-- until I pulled my computer out of a plastic Old Navy bag. My friend once called me a rich hobo, because I carry my really nice computer around in a plastic bag. I swear, I'm going to go buy a proper carrying case tomorrow.
I wanted to post "Swallowed in the Sea" lyrics, but I just posted them in the past few months. So why don't you just go listen to that song for a couple of minutes and then come back?
In feminist film theory class today, we talked a lot about how the "happy ending" for women in films most often comes in the form of a stable heterosexual relationship, even for women who are portrayed as independent and anti-patriarchal. We used the example of Sex and the City, about how the entire show is supposedly about these four women with fabulous girl friendships, fabulous shoes, and fabulous independence from men. But at the end, they all end up in some sort of "satisfying" heterosexual relationship. It started to worry me at first, because, not being in a relationship right now and not having marriage on my list of immediate post-graduation plans like my best friends (I really am *so* excited for their weddings - they're almost too far away), I've had to think about my life plans in a slightly different way than I used to. I want to make sure that what I do after college is something that I'm passionate about, something that I feel is in God's will, something that makes a difference. Just because I'm not in a relationship doesn't mean that I need to feel like I'm missing anything - but I think many girls fall into the trap of thinking about their lives as what they do - until they get married. As if post-graduate life is a happy, eventful, but empty Act II until they finally meet Prince Charming, have their fairy tale wedding, and live in their happy ending.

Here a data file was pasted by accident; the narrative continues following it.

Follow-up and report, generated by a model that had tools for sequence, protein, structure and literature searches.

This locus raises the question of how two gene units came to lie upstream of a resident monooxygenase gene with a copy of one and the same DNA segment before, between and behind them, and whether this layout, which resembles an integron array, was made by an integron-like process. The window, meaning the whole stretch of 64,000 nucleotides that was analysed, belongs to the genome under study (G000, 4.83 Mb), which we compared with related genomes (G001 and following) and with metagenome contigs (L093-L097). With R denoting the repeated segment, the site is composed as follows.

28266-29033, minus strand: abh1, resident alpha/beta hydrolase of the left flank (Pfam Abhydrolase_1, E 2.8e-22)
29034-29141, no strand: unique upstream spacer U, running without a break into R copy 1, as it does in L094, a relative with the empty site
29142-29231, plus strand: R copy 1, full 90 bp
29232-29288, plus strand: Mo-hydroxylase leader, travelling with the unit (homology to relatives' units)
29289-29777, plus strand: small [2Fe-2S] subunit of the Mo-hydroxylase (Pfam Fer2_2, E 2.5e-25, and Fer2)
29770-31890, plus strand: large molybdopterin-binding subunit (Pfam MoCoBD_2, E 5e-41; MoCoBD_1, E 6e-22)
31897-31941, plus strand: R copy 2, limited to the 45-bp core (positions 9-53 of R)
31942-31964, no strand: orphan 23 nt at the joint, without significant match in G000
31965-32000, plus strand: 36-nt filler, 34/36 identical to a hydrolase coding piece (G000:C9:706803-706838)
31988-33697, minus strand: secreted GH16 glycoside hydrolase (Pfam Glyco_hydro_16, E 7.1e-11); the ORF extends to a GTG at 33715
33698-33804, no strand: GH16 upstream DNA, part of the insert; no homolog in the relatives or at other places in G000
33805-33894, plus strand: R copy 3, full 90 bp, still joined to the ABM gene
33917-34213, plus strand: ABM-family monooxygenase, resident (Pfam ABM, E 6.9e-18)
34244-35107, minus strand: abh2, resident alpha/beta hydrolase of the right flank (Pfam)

So we're talking about this in class, and even though we talk quite a lot about how women are defined as "the other" in relation to men and how we're the dependent in this patriarchal society, for some reason today more than other days I was seized by this sudden fear that I would define my life by the waiting for and hopefully marriage to some amazing man (he will be amazing, just in case you were wondering). And my defensiveness kicked in - I don't want my life's happiness or importance or fulfillment to be defined by anyone, not a man especially, even he will be my husband. I don't want to feel like my pre-marriage years were any less fulfilled because of the lack of a man. And my independent nature started to question whether I want to be held back at all by any relationships, so as not to define a life well lived by the influence of anybody else -
And this is where something else kicked in. It isn't having a man, really, that makes life worth living - but it is the relationships. Yeah, they're scary and they mean being vulnerable and I can try to get defensive about needing them, but I do. I can't even imagine a life where I didn't have the close relationships I have now. One of the main reasons my life is so different than it was a year and a half ago is because of the openness and intimacy I've had with my friends. Everywhere I look and everything I've learned has reinforced that loving others is a secret key to life. More than my career. More than my comfort. More than my independence.
So yes, I do want my life to be defined by others. By their needs, by their love, by their friendships, by their lives.
Still, until that last love story is written, I'm not living any less.
Why are there strawberries on the Equal sweetner packs?